In the latest issue:

The American Virus

Eliot Weinberger

The Home Life of Inspector Maigret

John Lanchester

Story: ‘Have a Seat in the Big Black Chair’

Diane Williams

The Last Whale

Colin Burrow

In Beijing

Long Ling

Princess Margaret and Lady Anne

Rosemary Hill

At the Movies: ‘Arkansas’

Michael Wood

Ruin it your own way

Susan Pedersen

At Home

Jane Miller

The Ottoman Conundrum

Helen Pfeifer

Poem: ‘Muntjac’

Blake Morrison

Piketty’s Revolution

Geoff Mann

Short Cuts: In Tripoli

Jérôme Tubiana

Coetzee Makes a Leap

Christopher Tayler

At Auckland Castle: Francisco de Zurbarán

Nicola Jennings

Drain the Swamps

Steven Shapin

Diary: In the Isolation Room

Nicholas Spice

Enter, FleeingMark Ford
Close
Close
Vol. 37 No. 22 · 19 November 2015
Poem

Enter, Fleeing

Mark Ford

303 words

Undo that step, or at the least
tread softly, for a sleek
and bushy-tailed urban fox
is counting chick-
chick-chick-
chickens in his dreams; when he wakes
he’ll yawn
and prowl, while I’ll
be staring, shamefaced, down
the grainy, haunted
vistas opened
by insomnia. Sing, birds, I mean all
ye bird-brained in every
furrow that you hop in; warble
tales of the species that will wade
through estuaries, and stalk the plains, or tunnel
beneath them, after mishap
or meteor. Convulsed
and jangling, flooded
with adrenaline, the body empties itself of water in order
to skedaddle, to leap
and run ever higher
and faster, only the seconds
pass and each
stretched limb, each trembling joint stays
locked in unremitting combat
with itself. Gulp
or gab, gab, gab, gulp – out
stream the lies, twisting
in the wind, for who

ever felt a single sensation? Is not
everyone at the same moment
conscious that there co-
exist a thousand
others? I flinched when the tongue of the thin
green snake flickered as I slid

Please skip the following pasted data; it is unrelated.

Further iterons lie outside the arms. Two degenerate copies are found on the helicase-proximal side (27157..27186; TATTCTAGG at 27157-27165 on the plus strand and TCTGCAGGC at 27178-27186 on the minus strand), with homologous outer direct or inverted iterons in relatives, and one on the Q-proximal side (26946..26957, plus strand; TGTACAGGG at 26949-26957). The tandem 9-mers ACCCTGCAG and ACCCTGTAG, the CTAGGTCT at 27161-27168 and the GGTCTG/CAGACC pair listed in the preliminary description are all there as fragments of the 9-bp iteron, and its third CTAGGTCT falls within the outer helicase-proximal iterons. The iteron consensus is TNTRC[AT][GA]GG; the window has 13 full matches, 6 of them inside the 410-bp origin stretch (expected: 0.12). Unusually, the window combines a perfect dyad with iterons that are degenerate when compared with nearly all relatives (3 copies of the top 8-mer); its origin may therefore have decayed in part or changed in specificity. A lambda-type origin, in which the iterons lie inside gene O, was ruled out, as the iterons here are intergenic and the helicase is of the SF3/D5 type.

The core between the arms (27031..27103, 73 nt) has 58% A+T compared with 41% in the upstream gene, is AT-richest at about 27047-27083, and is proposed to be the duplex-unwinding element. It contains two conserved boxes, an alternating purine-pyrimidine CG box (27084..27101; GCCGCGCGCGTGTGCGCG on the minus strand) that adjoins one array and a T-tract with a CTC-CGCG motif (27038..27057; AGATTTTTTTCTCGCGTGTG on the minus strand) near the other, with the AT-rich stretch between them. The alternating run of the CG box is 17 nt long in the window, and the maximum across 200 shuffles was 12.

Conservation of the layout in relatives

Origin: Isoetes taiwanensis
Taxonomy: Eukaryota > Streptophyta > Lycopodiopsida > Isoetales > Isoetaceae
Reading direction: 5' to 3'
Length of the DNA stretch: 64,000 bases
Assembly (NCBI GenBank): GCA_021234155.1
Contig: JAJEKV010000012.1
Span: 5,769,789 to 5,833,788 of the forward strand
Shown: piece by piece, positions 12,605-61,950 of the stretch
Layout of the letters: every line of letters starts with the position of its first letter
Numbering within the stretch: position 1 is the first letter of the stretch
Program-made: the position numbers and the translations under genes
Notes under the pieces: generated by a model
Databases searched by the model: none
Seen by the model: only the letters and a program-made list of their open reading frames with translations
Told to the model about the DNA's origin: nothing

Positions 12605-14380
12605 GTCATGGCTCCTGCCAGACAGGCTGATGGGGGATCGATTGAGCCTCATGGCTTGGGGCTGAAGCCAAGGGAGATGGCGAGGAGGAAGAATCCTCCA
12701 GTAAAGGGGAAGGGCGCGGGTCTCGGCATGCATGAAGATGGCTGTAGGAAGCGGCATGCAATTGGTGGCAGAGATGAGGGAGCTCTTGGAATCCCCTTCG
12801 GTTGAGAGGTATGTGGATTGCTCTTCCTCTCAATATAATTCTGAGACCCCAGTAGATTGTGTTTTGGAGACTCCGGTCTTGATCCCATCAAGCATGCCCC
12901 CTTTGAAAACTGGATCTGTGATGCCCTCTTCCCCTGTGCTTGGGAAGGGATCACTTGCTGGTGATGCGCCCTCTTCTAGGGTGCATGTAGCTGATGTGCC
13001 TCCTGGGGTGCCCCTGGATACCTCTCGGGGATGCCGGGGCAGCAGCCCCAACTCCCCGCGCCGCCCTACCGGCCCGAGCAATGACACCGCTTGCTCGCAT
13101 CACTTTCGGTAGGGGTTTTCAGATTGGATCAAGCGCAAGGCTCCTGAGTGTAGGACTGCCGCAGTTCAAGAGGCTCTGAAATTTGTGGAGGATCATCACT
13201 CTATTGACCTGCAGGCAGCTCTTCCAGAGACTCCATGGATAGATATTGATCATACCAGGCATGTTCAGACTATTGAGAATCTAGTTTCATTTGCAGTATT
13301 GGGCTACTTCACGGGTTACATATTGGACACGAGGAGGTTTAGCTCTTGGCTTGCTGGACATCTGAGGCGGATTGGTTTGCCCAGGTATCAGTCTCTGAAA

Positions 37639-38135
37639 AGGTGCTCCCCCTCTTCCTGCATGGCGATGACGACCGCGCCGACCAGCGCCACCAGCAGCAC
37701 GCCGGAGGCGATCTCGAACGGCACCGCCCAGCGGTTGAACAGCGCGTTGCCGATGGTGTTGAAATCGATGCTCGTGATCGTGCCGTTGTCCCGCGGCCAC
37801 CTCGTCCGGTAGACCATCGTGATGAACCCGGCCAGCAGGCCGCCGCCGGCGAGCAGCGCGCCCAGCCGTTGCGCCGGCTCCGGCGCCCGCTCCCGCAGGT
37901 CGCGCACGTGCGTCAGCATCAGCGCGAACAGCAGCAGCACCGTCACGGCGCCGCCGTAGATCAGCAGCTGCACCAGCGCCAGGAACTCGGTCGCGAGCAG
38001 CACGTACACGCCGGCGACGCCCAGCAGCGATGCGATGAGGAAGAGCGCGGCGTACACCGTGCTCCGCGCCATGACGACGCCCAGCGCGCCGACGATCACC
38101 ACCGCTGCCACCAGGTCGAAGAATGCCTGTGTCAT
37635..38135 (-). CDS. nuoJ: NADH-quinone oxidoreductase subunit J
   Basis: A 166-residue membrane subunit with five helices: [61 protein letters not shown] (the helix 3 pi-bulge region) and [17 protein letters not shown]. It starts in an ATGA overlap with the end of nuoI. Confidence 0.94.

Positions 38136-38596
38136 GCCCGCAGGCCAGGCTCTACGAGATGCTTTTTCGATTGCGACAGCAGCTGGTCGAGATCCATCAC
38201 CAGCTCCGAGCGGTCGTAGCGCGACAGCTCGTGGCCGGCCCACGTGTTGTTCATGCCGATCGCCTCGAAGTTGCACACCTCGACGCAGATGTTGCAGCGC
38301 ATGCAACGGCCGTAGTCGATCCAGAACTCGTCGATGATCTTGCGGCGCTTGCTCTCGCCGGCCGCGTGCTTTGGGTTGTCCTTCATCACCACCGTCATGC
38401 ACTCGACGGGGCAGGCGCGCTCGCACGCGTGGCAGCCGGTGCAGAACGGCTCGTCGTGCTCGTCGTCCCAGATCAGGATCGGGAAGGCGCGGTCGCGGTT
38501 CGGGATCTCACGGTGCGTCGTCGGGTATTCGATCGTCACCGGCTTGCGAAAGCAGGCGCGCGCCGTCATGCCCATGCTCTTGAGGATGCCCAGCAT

through the hedge; American milk
tasted different, while in blurry
black-and-white an eager
villain heaved
his shield at Fluid-Man, who changed, chuckling
aloud, into mist or stream, or slanting
rain. I saw, amazed, a cartoon
needle stitching nametags inscribed
in flaming italics with my own
initials and name
into the waistbands and collars
of unfamiliar clothes; the air
was sucked out
of my lungs, while iridescent specks wriggled
and turned turtle
before my eyes. My brother
was singing of Daniel – he was leaving
tonight on a plane … we watched
the red tail lights
at O’Hare, and found that he’d left
behind in our elegantly-finned
maroon Chevrolet his equally maroon school cap, which I
at once hoisted high, and then
with a grimace, and a flourish, put on.

Send Letters To:

The Editor
London Review of Books,
28 Little Russell Street
London, WC1A 2HN

letters@lrb.co.uk

Please include name, address, and a telephone number.

Read anywhere with the London Review of Books app, available now from the App Store for Apple devices, Google Play for Android devices and Amazon for your Kindle Fire.

Read More

Sign up to our newsletter

For highlights from the latest issue, our archive and the blog, as well as news, events and exclusive promotions.

Newsletter Preferences